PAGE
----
• “The Flame Trees of Thika”                          Elspeth Huxley
  • “Field Guide to African Wildlife”                National Audubon Society is a must have.

 

Things to take with you and things to be aware of:

NEVER CARRY ANY MONEY OR VALUABLES IN YOUR CHECKED IN SUITCASE.

Space is always at a premium on your international flight, light aircraft transfers and safari vehicle so with that in mind, the safari packing list below will help you pack only the necessary and correct items.

It may look long at first glance but depending on your personal circumstances and the type of trip you are going on some of the items won’t be applicable to you and you can safely ignore them.

The safari packing list is based on the advice and recommendations from all the trip reports over the years at African Safari Journals and my own experience in packing for the hundreds of safaris that I have been on.

 

SAFARI GEAR

  •                  There are specific clothing mistakes that many people often make when they go on safari. Carry
  •                   light cottons for summer and a light jacket in the evening. Jeans are heavy and one pair is
  •                   normally enough. Light cotton trousers are lighter and take less space.
  •                  Safari hats must cover your head and shade your face and neck.
  •                  Clothing in neutral colours: khaki, light brown/green, tan. Avoid bright colours & white for
  •                  improved game viewing.
  •                  A safari jacket is a very handy accessory to take with on your trip.
  •                  Comfortable non-synthetic short- and long sleeved safari shirts (2 or 3 of each)
  •                  Comfortable non-synthetic shorts and long trousers (2 or 3 of each)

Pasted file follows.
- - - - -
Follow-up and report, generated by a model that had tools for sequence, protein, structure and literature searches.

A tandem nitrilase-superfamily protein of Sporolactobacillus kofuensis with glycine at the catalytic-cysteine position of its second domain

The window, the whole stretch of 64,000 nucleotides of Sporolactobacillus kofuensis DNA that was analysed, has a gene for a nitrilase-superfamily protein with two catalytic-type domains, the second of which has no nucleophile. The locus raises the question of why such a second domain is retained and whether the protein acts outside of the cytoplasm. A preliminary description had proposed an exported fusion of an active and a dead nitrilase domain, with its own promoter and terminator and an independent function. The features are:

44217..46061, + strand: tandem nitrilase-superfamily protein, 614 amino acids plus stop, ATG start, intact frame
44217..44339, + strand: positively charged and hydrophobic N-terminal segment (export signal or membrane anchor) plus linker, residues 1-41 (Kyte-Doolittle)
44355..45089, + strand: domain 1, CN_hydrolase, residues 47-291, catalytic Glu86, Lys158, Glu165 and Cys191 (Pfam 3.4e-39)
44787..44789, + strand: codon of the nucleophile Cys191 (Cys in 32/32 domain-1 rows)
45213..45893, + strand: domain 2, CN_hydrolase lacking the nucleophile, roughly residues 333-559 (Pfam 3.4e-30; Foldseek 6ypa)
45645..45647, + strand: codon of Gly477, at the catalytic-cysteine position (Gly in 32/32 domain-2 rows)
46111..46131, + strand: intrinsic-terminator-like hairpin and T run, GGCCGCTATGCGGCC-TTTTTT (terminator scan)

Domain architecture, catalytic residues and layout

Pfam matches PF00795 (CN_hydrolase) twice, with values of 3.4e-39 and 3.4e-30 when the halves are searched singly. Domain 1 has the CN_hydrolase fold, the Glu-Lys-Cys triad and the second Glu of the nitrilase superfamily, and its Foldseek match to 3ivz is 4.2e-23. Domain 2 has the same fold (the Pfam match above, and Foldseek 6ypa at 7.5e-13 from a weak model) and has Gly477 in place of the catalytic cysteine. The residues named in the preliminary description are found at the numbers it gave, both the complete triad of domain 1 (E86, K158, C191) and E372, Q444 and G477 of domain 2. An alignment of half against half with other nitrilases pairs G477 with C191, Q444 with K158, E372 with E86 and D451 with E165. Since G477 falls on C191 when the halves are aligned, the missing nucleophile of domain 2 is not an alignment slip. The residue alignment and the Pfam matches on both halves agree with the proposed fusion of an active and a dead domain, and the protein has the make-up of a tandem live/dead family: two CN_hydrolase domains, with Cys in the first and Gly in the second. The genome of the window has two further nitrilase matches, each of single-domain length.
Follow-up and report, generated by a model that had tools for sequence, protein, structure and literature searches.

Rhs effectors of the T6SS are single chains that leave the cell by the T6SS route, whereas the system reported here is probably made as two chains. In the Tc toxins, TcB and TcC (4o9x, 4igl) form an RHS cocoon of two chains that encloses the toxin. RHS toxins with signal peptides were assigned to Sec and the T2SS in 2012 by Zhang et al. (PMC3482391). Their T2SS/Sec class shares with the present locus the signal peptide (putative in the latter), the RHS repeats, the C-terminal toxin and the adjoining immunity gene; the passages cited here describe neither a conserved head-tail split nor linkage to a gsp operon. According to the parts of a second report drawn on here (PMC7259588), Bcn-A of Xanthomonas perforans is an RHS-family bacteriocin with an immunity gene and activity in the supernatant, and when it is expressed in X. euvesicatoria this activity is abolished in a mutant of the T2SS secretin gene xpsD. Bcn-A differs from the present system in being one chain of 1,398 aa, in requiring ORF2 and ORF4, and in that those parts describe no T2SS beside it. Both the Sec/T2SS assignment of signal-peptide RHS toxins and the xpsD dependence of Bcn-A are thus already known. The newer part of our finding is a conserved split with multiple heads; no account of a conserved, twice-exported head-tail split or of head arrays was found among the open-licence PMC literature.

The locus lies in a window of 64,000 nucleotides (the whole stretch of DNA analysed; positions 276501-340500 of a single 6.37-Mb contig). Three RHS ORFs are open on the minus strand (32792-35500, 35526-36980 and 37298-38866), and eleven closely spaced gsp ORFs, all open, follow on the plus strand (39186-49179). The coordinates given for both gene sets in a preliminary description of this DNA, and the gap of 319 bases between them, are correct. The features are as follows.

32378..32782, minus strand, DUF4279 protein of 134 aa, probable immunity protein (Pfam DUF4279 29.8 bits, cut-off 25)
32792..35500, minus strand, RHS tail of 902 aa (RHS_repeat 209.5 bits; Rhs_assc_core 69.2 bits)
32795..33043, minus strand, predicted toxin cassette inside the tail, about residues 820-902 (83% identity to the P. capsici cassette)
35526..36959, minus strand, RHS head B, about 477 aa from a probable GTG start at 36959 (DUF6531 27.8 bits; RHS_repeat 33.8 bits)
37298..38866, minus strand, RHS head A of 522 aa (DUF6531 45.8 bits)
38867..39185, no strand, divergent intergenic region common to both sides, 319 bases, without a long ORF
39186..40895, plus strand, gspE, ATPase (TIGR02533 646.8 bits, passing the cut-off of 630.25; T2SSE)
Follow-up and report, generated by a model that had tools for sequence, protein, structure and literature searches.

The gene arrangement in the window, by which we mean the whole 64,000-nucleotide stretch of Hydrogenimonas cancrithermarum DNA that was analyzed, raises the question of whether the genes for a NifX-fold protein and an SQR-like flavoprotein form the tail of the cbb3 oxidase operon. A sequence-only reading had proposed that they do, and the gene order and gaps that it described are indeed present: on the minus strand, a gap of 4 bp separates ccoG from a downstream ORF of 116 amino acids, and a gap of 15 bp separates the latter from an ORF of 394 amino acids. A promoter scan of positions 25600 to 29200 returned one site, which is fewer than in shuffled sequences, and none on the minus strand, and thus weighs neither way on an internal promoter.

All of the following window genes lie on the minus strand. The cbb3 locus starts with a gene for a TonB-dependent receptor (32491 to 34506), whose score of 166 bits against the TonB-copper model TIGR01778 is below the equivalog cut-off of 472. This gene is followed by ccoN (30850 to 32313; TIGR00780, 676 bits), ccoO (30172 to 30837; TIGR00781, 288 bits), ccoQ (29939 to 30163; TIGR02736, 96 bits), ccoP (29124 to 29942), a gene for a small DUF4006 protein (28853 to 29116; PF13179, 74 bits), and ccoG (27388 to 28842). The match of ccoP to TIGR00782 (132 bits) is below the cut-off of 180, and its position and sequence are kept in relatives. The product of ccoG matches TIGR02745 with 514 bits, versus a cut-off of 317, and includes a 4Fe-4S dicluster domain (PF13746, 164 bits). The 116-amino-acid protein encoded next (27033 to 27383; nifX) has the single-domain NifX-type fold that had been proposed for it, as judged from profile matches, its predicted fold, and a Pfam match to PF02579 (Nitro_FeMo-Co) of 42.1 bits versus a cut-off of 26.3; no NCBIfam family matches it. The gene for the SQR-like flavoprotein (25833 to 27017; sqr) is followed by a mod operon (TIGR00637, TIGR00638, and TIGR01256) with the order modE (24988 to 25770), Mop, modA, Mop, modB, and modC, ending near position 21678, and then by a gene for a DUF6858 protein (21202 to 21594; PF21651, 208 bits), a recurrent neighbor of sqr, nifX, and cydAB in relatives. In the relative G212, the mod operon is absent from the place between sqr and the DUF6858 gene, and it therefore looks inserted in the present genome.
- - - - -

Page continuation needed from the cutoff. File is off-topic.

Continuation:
•                  About 5 sets of underwear
  •                  Pyjamas
  •                  Swimming costume only if there is a pool in the camps you are visiting.
  •                  Flip-flops – the deep green Bata sandals for Rs. 299 are the best.
  •                  Comfortable safari hiking/walking shoes (not white). These are very important on a walking
  •                   safari.
  •                  About 5 pairs of socks
  •                  Extra shoelaces

 

SAFARI SUPPLIES

Some of these supplies might be available in the first aid kit that every safari company should carry but make sure before leaving them off your safari packing list.

  • Insect repellent/ Mosquito Coil  (do not use coils in a tent)
  • Mosquito netting – Your safari company might supply these so find out from them first. This is only needed in case you are going to camp which has a problem with mosquitoes.
  • Sunblock and after sun lotion
  • A travel towel is light and takes very little space. This is generally not needed and I carry a light cotton lungi always. This help me tide more or less most emergency needs of a towel/sheet blanket, sunshade, even head protection during an emergency etc.